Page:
The New War Against Terror
Noam Chomsky interviewed by various talk participants
MIT, October 18, 2001
QUESTIONER 1: Professor Chomsky, a few days ago our President, in a news conference, announced a new program to help provide food to the children of Afghanistan -- even [anchorman] Peter Jennings of ABC News sort of hinted that that was a touch of propaganda spurred on bi-partisan complaints that bin Laden was winning the propaganda war world-wide. Are you aware of any organizations that we would do best funneling money that we would like to donate to help increase the food supply in that country?

CHOMSKY: Oh, yeah, plenty. I mean, this is obviously just [propaganda] ... it couldn't even pass ABC News. [scattered audience laughter] Actually, it was extremely poor timing. You may have noticed that Bush went to the Red Cross office with, you know, a box or something with, I don't know, ninety thousand dollar bills from the children of America to give to the Red Cross and he arrived just at the time of the news that bombers had destroyed a Red Cross compound that was storing food in Afghanistan -- not the greatest timing. But, yeah, that's a joke. Plenty of organizations. I mean, the World Food Program, Oxfam, Christian Aid, Save the Children -- there are lots of bona fide organizations. I mean, Oxfam's right here in Boston -- you don't have to go very far. And they do very serious, honest work. They can't do it now because the way to get food in is to truck it in. Dropping food by air is almost meaningless. Every aid organization has pointed this out. The World Food Program, which is, the main one, and the most serious one, they've pointed out -- I don't think it's been reported here but it's all over the British press, the Financial Times and others -- they said they might consider air drops but if you do, you have to prepare it. You have to prepare an area and it has to be a safe area -- you don't want to draw people to places where there's mines all over the place or something like that. So you prepare a safe area. You have people there who are gonna pick up the food and distribute it to the people who need it -- to the sick, to children, to women -- you know, the people who aren't going to get it if you drop food all over. You have to have people there who will give it to the people who need it. It has to be organized. There has to be information saying "it's safe to come here." The worst way to do it -- probably causes more harm than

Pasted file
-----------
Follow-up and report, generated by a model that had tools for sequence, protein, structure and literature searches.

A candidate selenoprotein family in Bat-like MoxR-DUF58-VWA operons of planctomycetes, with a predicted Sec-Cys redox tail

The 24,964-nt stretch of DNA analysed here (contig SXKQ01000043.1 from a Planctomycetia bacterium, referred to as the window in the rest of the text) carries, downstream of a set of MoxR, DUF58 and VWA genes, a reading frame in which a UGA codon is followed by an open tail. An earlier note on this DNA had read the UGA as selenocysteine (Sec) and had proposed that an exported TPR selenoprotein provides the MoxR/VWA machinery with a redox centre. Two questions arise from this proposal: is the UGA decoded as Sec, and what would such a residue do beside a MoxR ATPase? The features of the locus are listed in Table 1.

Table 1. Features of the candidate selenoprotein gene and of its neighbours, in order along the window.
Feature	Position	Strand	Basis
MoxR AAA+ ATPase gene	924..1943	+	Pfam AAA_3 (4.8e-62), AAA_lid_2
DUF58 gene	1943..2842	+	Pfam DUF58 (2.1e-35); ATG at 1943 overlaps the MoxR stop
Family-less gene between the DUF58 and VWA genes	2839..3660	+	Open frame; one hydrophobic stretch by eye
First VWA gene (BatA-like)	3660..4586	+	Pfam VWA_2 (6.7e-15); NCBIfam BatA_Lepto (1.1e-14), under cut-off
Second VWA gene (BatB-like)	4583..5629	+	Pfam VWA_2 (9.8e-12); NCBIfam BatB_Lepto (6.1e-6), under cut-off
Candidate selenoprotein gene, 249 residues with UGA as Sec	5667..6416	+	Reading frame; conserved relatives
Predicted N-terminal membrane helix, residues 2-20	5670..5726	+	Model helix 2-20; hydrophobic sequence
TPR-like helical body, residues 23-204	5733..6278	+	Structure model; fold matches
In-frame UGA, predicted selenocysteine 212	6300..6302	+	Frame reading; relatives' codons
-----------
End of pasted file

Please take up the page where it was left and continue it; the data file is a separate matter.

good -- is just to drop packages around. Who knows what the effects are? Even if anyone gets it. But trucking is the right way. ... And that has been pretty much stopped or cut back because of the threat of bombing. That's why the U.N. and the aid agencies are pleading with the United States to stop the bombing while there's still some people alive there. And, yes, there are organizations right here in Boston and elsewhere that you certainly can give to. And should. This is a major catastrophe.

QUESTIONER 2: Professor Chomsky, thank you for coming tonight and I know we're all honored to have you here. I want to go back to